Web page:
Followers of Confucius: Zixia

Zixia (子夏) was born in 507 BCE, probably in the state of Wei, and is said to have lived to an extremely advanced age. He reportedly served at the court of Prince Wan of Wei in 406 BCE when he would have been ninety-nine. He was also known by the courtesy name of Bu Shang (卜商) and the given name of Bu Zixia (卜子夏).

Zixia was noted for his scholarship and extensive knowledge of the classics. In Chapter 8 of Book 3, he receives praise from Confucius himself for explaining the meaning of an ode in the Book of Songs (詩經/shījīng): “You have opened up my eyes to the true meaning of these verses! It is only with a man like you that I can discuss the Book of Songs!”

In another exchange between the two of them in Chapter 13 of Book 6, however, Confucius warns Zixia to “be a refined scholar, not a common pedant” – suggesting that he needed to be more creative in his thinking.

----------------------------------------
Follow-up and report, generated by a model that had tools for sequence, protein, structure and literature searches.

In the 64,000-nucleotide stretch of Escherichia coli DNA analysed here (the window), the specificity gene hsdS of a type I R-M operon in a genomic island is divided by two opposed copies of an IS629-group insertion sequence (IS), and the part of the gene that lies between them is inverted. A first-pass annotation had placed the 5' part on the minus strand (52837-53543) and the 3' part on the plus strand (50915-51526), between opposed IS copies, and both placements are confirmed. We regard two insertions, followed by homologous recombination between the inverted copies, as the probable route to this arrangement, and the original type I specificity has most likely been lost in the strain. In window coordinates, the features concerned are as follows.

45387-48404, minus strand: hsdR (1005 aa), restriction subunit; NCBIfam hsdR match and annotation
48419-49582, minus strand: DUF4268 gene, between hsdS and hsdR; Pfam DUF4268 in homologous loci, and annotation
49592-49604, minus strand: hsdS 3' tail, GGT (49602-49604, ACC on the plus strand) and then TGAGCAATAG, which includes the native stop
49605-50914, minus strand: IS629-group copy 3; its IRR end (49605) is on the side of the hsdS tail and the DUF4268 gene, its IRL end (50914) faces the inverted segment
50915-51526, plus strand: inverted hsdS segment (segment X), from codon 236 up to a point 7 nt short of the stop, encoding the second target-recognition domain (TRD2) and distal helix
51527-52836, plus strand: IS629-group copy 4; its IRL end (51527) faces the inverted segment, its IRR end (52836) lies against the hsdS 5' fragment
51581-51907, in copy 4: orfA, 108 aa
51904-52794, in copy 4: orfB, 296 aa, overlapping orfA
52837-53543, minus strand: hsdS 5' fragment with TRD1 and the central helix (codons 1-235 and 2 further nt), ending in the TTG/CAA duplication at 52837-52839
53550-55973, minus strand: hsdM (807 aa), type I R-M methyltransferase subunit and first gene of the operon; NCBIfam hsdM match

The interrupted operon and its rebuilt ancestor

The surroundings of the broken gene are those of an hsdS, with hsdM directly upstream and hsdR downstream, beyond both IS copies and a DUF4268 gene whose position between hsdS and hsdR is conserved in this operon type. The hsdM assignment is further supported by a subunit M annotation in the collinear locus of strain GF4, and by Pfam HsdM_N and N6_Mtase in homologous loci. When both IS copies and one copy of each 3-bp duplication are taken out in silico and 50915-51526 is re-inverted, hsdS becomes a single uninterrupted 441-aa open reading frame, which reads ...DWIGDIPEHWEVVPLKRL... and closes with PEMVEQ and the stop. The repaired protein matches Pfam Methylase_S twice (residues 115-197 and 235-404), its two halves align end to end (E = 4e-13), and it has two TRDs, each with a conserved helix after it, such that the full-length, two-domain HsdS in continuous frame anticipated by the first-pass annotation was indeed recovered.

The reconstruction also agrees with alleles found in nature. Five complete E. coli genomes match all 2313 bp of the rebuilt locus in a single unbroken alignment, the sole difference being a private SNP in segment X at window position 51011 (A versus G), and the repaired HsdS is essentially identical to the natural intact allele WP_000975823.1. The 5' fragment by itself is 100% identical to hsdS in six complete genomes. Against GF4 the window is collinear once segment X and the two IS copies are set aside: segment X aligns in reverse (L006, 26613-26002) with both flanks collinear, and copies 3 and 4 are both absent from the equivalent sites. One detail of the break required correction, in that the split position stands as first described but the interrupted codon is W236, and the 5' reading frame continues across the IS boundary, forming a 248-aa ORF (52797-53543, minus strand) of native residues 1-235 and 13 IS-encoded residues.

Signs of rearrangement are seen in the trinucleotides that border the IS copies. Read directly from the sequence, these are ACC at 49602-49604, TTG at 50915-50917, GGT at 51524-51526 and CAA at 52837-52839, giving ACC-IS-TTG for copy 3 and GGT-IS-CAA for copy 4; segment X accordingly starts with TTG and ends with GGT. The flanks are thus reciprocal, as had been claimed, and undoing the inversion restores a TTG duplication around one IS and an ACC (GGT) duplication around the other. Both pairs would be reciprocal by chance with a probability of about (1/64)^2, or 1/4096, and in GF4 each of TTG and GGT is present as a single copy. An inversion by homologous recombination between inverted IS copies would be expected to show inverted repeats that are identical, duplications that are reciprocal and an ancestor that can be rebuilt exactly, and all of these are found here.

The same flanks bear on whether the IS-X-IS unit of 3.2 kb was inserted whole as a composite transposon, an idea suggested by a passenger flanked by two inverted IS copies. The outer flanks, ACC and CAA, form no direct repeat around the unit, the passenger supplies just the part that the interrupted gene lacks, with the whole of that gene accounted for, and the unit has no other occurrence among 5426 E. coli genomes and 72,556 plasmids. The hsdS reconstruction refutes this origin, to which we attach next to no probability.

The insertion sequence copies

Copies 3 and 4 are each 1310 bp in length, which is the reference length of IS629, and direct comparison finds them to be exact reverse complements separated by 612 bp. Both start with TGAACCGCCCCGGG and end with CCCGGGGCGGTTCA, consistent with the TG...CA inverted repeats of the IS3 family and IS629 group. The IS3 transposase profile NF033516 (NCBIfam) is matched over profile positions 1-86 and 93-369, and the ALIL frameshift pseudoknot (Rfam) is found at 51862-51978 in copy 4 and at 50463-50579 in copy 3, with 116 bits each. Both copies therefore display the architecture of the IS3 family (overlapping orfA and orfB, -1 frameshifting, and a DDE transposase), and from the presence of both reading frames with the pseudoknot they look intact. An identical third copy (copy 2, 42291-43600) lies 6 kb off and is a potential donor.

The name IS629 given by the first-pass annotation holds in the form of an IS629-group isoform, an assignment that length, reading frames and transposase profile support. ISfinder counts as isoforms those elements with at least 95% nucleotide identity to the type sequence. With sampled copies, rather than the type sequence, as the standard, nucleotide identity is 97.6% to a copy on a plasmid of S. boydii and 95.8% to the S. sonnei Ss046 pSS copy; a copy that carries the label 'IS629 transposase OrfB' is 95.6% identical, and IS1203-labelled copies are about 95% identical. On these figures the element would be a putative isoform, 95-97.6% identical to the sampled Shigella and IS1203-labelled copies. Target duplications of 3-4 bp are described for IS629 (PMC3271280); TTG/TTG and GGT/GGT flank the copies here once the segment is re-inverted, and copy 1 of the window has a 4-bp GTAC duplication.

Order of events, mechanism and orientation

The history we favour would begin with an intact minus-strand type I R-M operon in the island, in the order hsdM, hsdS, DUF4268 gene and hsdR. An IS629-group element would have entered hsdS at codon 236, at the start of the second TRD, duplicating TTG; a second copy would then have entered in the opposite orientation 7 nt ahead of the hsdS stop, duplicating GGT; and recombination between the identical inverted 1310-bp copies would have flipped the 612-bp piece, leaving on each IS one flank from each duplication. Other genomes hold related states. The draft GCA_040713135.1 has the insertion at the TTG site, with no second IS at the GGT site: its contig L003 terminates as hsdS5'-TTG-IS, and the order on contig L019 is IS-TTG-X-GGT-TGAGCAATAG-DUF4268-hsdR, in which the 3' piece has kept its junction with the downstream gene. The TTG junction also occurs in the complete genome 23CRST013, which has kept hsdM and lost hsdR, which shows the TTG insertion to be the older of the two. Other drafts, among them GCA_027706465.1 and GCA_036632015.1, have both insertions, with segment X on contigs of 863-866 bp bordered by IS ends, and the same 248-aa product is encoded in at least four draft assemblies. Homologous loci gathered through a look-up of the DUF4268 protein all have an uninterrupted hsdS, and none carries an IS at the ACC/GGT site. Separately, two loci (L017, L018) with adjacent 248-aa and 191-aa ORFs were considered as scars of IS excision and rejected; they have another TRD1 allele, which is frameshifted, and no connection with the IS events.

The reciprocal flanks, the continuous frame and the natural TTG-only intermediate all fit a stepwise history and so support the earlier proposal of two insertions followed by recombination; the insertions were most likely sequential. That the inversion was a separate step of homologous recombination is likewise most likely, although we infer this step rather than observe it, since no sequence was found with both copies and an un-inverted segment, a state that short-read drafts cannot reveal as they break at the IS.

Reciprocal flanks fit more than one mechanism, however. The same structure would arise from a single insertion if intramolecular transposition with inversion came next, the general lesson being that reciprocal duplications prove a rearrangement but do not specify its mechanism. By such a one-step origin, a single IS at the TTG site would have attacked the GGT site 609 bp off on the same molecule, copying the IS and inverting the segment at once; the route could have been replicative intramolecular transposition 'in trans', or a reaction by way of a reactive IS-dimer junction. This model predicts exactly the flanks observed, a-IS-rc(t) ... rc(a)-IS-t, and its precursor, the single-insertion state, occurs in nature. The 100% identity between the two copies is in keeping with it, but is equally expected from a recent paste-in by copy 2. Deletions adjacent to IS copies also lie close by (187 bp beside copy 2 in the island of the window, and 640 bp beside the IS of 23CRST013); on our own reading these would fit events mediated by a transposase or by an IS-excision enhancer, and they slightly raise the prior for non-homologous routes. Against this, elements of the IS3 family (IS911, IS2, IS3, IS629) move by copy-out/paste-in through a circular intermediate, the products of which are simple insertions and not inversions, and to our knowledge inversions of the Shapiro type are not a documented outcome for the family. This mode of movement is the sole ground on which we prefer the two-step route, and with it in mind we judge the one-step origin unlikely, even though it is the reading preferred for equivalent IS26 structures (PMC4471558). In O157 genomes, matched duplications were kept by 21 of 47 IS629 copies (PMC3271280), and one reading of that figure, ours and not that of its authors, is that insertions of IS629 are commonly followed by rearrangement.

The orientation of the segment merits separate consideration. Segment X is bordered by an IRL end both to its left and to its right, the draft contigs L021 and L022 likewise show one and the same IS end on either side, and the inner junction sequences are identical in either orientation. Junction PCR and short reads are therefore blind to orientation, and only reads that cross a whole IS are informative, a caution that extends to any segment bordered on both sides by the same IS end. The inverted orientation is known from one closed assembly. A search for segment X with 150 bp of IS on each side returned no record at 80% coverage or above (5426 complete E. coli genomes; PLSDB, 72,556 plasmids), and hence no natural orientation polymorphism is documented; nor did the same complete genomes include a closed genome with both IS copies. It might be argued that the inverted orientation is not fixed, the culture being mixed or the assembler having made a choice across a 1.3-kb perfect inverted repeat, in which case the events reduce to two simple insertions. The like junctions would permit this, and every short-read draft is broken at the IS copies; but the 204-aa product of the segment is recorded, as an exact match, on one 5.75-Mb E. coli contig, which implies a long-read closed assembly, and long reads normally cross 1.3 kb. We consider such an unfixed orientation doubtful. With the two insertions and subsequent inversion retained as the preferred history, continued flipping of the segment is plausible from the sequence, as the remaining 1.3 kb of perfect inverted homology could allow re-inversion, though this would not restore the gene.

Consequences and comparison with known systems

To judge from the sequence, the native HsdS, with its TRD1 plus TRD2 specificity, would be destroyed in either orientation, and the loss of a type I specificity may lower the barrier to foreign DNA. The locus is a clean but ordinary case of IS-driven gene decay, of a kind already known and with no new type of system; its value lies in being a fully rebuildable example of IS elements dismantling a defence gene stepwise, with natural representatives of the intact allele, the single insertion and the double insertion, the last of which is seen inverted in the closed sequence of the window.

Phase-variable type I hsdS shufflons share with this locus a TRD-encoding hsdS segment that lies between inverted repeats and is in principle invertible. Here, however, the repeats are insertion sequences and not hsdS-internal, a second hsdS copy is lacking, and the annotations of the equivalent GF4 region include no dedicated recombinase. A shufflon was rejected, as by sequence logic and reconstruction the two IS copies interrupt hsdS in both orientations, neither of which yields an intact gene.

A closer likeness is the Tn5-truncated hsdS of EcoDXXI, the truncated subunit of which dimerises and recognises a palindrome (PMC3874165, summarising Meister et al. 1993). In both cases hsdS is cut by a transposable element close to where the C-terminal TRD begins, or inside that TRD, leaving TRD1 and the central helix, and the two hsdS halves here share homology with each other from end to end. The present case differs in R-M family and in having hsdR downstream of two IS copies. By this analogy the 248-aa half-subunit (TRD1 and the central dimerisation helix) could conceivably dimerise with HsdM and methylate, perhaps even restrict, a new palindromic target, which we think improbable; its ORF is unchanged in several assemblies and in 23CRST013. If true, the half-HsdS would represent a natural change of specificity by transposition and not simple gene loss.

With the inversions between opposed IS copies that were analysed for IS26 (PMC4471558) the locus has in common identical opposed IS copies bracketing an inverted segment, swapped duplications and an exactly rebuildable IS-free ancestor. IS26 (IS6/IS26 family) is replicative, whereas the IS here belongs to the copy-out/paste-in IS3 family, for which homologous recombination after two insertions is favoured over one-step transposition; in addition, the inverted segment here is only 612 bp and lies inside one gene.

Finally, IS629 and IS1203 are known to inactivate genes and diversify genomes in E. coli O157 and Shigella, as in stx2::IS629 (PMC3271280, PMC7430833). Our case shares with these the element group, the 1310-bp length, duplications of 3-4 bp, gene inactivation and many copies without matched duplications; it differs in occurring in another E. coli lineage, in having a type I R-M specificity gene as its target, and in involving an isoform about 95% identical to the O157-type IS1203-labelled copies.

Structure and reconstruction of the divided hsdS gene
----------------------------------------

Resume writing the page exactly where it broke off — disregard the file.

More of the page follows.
After Confucius died, Zixia returned to the state of Wei and founded his own school in which he taught a number of followers who went on to further promulgate his interpretation of the sage’s philosophy. No doubt as a result of their efforts, he is one of the most extensively featured followers in the Analects, making a grand total of twenty appearances.

Opinions on Zixia’s legacy are mixed. While some historians from the Han Dynasty (206 BC – 220 CE) and Southern Song Dynasty (1127-1279) saw him as one of the most important Confucian thinkers, others believed that his philosophy was far too autocratic and reflected that of the opposing Legalist school.